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June 21, 2016

/ 3:35 p.m. CT (2035 GMT)

Mission S-IC-15 complete

: The last Saturn V stage to be produced launched on its new mission Tuesday (June 21), going on display at the Infinity Science Center. The S-IC once intended to fly on Apollo 19 was moved from the Michoud Assembly Facility in New Orleans to NASA's Stennis Space Center in Mississippi by barge. It then took an overnight road trip to arrive at its new home. The Infinity Science Center is now fundraising to restore the stage.

June 20, 2016

/ 7:05 a.m. CT (1205 GMT)


: On Nov. 11, the Kennedy Space Center Visitor Complex will open Heroes and Legends, featuring the U.S. Astronaut Hall of Fame. The new attraction will provide guests with immersive experiences that highlight the almost 100 astronauts honored in the Hall of Fame. To help put their roles as heroes into context, the visitor complex is now inviting the public to submit videos about their heroes, with the chance to see themselves in Heroes & Legends.

June 18, 2016

/ 4:30 a.m. CT (0930 GMT)

TMA-19M lands

: Tim Kopra, Tim Peake and Yuri Malenchenko are back on Earth, having safely landed on board Russia's Soyuz TMA-19M on the steppe of Kazakhstan. The three crewmates spent more than 185 days on the International Space Station since their launch in December. Malenchenko now ranks second for the most time in space. Peake is Britain's first government-sponsored astronaut.

June 16, 2016

/ 11:05 a.m. CT (1605 GMT)

To INFINITY and beyond

: The last Saturn V rocket stage to be built has left its birthplace and home of the past 38 years, the Michoud Assembly Facility in New Orleans, to be put on display at the INFINITY Science Center in Mississippi. The S-IC stage, which would have launched on Apollo 19 had that mission not been canceled, will arrive at the center on Tuesday (June 21), where a fundraising effort will lead to its conservation and a future indoor exhibit.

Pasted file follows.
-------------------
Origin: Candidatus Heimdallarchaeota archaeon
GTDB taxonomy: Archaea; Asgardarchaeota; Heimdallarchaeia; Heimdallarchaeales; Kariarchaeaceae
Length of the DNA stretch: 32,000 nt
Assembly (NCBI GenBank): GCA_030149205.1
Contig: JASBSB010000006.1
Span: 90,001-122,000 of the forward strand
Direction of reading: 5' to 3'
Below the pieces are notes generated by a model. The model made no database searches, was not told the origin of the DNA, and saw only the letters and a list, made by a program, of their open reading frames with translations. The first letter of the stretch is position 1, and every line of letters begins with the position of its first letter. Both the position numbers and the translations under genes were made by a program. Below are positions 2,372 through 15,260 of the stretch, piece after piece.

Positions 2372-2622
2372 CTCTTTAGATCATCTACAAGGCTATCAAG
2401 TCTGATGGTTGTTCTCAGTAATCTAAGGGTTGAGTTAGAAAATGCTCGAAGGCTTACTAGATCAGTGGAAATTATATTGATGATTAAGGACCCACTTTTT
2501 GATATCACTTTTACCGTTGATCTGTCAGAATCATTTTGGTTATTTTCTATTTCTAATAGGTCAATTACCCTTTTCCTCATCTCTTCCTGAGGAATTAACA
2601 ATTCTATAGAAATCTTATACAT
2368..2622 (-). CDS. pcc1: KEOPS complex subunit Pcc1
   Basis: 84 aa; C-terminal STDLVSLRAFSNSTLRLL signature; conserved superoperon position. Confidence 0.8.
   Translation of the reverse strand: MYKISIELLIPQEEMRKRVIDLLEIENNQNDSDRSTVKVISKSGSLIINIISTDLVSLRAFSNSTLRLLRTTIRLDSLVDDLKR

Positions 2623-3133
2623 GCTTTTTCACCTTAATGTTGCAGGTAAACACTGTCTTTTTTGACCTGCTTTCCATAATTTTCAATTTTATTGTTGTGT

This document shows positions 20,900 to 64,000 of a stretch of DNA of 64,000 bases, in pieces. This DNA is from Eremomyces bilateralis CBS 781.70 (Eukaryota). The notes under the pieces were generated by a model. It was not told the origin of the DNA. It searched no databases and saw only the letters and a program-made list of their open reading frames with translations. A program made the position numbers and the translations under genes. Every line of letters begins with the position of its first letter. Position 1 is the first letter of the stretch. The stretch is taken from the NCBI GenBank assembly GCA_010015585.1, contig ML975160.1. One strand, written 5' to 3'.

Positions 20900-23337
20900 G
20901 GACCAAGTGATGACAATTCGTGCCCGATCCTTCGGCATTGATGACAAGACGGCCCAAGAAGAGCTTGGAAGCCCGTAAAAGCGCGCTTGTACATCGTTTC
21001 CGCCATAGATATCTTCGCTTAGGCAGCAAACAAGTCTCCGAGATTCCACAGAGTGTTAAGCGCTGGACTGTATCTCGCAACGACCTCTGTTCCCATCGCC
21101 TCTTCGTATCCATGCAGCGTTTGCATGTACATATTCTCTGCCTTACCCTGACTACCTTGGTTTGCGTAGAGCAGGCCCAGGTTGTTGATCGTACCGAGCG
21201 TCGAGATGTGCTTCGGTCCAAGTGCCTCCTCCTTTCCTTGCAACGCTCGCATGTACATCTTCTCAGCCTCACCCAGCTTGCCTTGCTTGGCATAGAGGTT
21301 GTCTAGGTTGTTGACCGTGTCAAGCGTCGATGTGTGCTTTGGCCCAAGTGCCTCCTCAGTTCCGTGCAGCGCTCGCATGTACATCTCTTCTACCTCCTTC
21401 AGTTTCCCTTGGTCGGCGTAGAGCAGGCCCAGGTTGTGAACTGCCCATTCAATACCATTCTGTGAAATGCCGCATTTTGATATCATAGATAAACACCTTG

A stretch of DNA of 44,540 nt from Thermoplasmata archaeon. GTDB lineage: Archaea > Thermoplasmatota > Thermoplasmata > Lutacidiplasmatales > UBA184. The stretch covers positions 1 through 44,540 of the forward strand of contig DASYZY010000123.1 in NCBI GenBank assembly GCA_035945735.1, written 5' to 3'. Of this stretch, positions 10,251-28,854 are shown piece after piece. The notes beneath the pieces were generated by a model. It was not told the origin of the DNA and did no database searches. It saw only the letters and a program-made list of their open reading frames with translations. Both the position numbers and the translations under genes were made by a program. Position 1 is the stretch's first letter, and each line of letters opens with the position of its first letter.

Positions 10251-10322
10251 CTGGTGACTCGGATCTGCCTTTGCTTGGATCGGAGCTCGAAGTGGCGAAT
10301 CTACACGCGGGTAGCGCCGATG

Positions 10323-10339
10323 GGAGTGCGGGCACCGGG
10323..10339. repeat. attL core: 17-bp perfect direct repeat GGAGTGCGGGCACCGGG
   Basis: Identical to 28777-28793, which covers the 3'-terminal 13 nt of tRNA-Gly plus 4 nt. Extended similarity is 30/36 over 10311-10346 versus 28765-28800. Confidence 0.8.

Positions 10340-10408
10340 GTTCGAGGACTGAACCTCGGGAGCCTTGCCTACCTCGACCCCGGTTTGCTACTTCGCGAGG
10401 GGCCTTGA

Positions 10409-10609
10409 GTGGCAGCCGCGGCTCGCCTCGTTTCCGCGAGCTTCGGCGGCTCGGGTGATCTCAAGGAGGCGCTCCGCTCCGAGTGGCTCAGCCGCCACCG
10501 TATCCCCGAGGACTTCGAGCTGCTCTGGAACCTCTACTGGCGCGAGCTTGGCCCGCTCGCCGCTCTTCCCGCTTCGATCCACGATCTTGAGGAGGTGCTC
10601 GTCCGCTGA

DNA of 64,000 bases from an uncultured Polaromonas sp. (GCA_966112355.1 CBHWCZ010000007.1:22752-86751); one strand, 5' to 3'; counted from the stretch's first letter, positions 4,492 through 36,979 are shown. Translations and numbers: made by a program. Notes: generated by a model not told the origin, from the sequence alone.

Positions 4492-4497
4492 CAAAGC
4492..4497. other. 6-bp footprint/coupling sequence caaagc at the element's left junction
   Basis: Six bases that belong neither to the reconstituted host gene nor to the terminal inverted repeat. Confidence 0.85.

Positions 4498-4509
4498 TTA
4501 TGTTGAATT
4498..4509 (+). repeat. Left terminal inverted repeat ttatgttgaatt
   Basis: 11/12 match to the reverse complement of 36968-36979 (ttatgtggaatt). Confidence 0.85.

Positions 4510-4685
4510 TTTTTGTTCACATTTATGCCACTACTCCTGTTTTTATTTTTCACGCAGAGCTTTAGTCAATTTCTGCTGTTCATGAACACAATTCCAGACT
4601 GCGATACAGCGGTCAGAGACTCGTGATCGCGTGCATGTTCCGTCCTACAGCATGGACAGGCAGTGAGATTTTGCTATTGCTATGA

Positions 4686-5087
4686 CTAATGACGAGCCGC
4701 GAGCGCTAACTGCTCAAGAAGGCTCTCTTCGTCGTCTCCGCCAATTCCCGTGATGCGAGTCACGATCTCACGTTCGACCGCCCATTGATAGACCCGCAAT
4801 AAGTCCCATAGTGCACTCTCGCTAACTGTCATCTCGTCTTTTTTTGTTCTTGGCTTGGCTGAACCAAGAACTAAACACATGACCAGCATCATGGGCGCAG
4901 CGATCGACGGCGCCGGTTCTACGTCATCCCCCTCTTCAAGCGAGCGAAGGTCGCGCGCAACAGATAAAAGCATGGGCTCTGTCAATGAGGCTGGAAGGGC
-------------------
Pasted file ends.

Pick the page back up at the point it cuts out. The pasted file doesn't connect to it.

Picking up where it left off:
June 9, 2016

/ 2:40 p.m. CT (1940 GMT)

LEGO to launch Saturn V

: NASA's massive rocket that flew the first astronauts to land on the moon is the next topic on LEGO's launch pad. The toy company on Thursday (June 9) announced it will produce the Saturn V scale model designed by Felix Stiessen and Valerie Roche which last year received 10,000 votes on LEGO Ideas. The 3-foot toy rocket is slated for release later this year or early next.

June 8, 2016

/ 8:15 a.m. CT (1315 GMT)

Air Force space gallery

: The last Lockheed Martin Titan IVB rocket is now on display, 13 feet above visitors' heads, as part of the new space gallery at the National Museum of the U.S. Air Force in Dayton, Ohio. A part of the museum's fourth building, which opened Wednesday (June 8), the new gallery showcases rocket planes, satellites and capsules that span the U.S. Air Force's history in space.

June 7, 2016

/ 4:25 p.m. CT (2125 GMT)

S.S. Alan Poindexter

: Four years after Alan Poindexter died in a tragic recreational water sports accident, he is being honored with the naming of a space station-bound cargo craft. Orbital ATK on Tuesday (June 7) announced it had christened its OA-5 Cygnus resupply ship for the late NASA astronaut. A veteran of two spaceflights, Poindexter helped to build and stock the International Space Station.

June 6, 2016

/ 12:00 a.m. CT (0500 GMT)

Mission Control

: A new documentary, to be previewed for the first time this week, shines light on the personal and professional stories of NASA's flight controllers. "Mission Control: The Men Who Put a Man on the Moon," from the producers of the Gene Cernan biopic "The Last Man on the Moon," features Chris Kraft, Gene Kranz, Steve Bales, John Aaron, Sy Liebergot, and others who made the "go/no go" calls behind the Apollo lunar landings' success.

May 31, 2016

/ 12:00 a.m. CT (0500 GMT) - UPDATED

Planets (and Pluto) postage